SBC, Verizon Lead Way In Quarterly DSL Gains2/02/2003 7:00 PM Eastern
SBC Communications Inc. reported strong growth in its digital subscriber line business over the fourth quarter, while Verizon Communications Inc. produced solid numbers and BellSouth Corp. disappointed.
SBC added 245,000 DSL subscribers for its second-best quarter ever, showing both sequential and year-over-year growth.
Verizon added 148,000 subscribers, slightly below its 2002 quarterly average of 152,000, but far below the 225,000 it added in fourth-quarter 2001.
And BellSouth dropped further, adding only 97,000 subscribers during the quarter, compared to 157,000 a year ago and 121,000 in third-quarter 2002.
SBC now serves 2.2 million DSL subscribers, while Verizon serves 1.8 million households and BellSouth just over 1 million. Qwest Communications International Inc. has about 500,000 DSL customers.
For SBC, it was the fourth straight sequential quarterly increase, chairman and CEO Ed Whitacre said. The company added 867,000 DSL subscribers in 2002, compared to 566,000 in 2001.
"DSL results continue to be strong," Whitacre said, noting that penetration rates have hit 10 percent in some California markets. "We see that as a good business for us going forward."
The company expects its DSL business to be positive in terms of earnings before interest, taxes, depreciation and amortization (EBIDTA) by early 2004, said CFO Randal Stephenson. Driving that progress: 55 percent reductions in both acquisition costs and recurring expenses, he said.
More than 95 percent of DSL subscribers install their equipment themselves, said Stephenson.
Two-thirds of the telco's homes are now DSL-capable, the company said.
Overall, SBC managed to post earnings of $2.4 billion in the quarter, compared to $1.2 billion in the year-earlier period, even though revenue dropped from $11.9 billion to $11.2 billion.
"It was more of the same from the economy," Whitacre said. "And there was even some further slowdown in business demand."
SBC lost 1.2 million access lines in the quarter, largely to long-distance providers that also offer local service.
In the fourth quarter, SBC launched a "Total Connections" bundle in California — a package of local and long-distance wireline service, wireless telephony, DSL and calling features for $87.
"We will be moving forward on a company-wide bundling plan," Whitacre said. "We will spend money on advertising on the bundle."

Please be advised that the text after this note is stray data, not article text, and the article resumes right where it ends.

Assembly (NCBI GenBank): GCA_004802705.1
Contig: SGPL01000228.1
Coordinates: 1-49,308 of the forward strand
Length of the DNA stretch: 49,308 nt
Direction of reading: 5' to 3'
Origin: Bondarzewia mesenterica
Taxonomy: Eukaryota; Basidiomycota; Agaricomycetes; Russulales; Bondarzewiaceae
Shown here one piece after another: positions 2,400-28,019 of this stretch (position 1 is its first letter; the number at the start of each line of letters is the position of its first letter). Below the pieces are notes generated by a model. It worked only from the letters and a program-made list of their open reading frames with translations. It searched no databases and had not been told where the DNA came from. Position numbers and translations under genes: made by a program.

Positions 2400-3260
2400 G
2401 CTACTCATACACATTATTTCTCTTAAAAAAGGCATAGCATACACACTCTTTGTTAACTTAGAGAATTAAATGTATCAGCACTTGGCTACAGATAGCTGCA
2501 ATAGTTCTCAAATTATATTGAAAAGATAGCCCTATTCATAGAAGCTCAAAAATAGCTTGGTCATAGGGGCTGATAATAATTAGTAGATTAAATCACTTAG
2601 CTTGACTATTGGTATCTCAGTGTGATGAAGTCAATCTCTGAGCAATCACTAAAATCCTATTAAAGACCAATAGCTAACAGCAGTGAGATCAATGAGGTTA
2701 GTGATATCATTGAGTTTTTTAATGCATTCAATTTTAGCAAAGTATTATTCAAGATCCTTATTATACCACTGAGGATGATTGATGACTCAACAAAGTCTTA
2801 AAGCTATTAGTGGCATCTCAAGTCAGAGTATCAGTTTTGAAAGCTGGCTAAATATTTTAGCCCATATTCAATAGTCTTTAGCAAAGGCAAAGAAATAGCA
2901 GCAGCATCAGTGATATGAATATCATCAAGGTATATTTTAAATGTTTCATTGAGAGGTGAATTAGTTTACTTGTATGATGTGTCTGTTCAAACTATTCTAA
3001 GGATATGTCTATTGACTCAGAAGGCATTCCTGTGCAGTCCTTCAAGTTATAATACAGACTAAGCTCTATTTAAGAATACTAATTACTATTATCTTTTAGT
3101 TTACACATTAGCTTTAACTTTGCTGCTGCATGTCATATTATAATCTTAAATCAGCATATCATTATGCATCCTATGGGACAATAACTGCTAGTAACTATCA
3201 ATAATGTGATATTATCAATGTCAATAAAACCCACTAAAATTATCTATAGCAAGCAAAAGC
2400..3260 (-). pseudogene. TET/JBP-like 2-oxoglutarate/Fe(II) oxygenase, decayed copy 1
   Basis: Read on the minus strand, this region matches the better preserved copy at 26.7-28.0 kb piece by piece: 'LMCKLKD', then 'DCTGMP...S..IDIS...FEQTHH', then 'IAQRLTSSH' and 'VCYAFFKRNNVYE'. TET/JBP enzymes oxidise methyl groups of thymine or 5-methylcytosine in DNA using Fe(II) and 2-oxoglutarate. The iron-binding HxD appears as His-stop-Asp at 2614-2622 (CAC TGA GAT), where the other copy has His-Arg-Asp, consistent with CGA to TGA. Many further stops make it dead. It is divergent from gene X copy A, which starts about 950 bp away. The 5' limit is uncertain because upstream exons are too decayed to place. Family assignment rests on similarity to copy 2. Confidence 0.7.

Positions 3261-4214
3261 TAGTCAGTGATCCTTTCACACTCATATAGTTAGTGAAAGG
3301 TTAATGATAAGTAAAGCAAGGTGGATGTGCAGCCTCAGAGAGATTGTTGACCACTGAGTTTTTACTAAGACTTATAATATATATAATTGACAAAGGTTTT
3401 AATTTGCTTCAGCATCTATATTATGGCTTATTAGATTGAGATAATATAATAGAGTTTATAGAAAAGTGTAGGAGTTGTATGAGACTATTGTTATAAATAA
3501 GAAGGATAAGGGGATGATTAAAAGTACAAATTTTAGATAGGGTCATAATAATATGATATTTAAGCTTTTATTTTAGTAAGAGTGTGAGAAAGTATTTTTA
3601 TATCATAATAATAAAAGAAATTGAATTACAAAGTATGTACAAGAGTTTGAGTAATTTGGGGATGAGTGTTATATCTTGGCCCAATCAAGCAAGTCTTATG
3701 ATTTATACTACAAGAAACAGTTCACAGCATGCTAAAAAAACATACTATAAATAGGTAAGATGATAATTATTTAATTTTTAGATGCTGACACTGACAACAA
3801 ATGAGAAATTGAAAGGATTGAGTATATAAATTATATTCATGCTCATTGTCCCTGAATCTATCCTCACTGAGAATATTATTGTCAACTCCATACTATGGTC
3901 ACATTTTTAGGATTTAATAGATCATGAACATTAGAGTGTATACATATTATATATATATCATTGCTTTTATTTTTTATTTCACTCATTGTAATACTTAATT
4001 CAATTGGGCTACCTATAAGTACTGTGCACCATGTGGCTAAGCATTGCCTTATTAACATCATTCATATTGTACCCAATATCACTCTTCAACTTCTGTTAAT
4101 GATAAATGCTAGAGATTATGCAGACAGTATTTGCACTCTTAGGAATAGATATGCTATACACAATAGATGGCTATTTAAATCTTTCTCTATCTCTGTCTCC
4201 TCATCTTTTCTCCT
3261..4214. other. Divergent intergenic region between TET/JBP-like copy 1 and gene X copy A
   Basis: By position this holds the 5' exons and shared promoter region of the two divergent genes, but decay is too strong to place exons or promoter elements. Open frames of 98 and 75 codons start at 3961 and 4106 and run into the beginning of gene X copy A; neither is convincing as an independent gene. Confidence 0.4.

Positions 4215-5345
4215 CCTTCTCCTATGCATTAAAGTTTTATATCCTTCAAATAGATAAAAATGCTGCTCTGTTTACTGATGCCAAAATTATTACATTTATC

Verizon added 603,000 DSL subscribers in 2002, compared to 660,000 in 2001.
"We feel we had a really good year," he said. "Our goal was to change the momentum of the market share" in markets in which Verizon competes with data-over-cable providers, he added.
Verizon was close to a 50-50 split in those markets, according to Seidenberg.
For competitive reasons, Seidenberg said Verizon would not make public its DSL growth forecasts for 2003. But the telco does plan to expand its deployment of remote terminals to reach more potential subscribers, he said.
The company said 62 percent of its lines are DSL-qualified and 57 percent of homes are covered by DSL. Self-installation rates reached 99 percent during the quarter.
Growth in the wireless, long-distance and DSL sectors helped offset revenue declines in Verizon's business segment, the company said.
Like other telco chieftains, Seidenberg didn't hold much hope for an economic turnaround. Verizon officials also listed cable's broadband initiatives in its "threat" column for 2003. Overall, Verizon reported earnings of $2.3 billion on revenue of $17.2 billion.
Dropping down south
BellSouth's addition of 97,000 DSL subscribers in the fourth quarter was a sharp drop from fourth-quarter 2001 (157,000) and third-quarter 2002 (121,000).
Over calendar year 2002, BellSouth added 401,000 DSL subscribers, a drop from 450,000 in 2001. The telco said DSL was available to 73 percent of its households, with a penetration rate of 6.8 percent in available service areas.
"It's important to grow, but it's more important to grow profitably," said chief financial officer Ron Dykes. Dykes said DSL contributed $500 million in revenue to BellSouth in 2002, adding that the business was EBITDA-positive.
But some analysts were less than impressed.
BellSouth had planned to add 500,000 DSL subscribers this year and fell 100,000 short of that goal, noted DSL Reports analyst Dave Burstein.
"Although they expected a fourth-quarter holiday upturn, BellSouth actually did less than in the first quarter [108,000 additions]," he said.
The company said it has seen growth from its bundling strategy, with 1.2 million customers taking a combination of local, long distance, high-speed Internet and cellular service.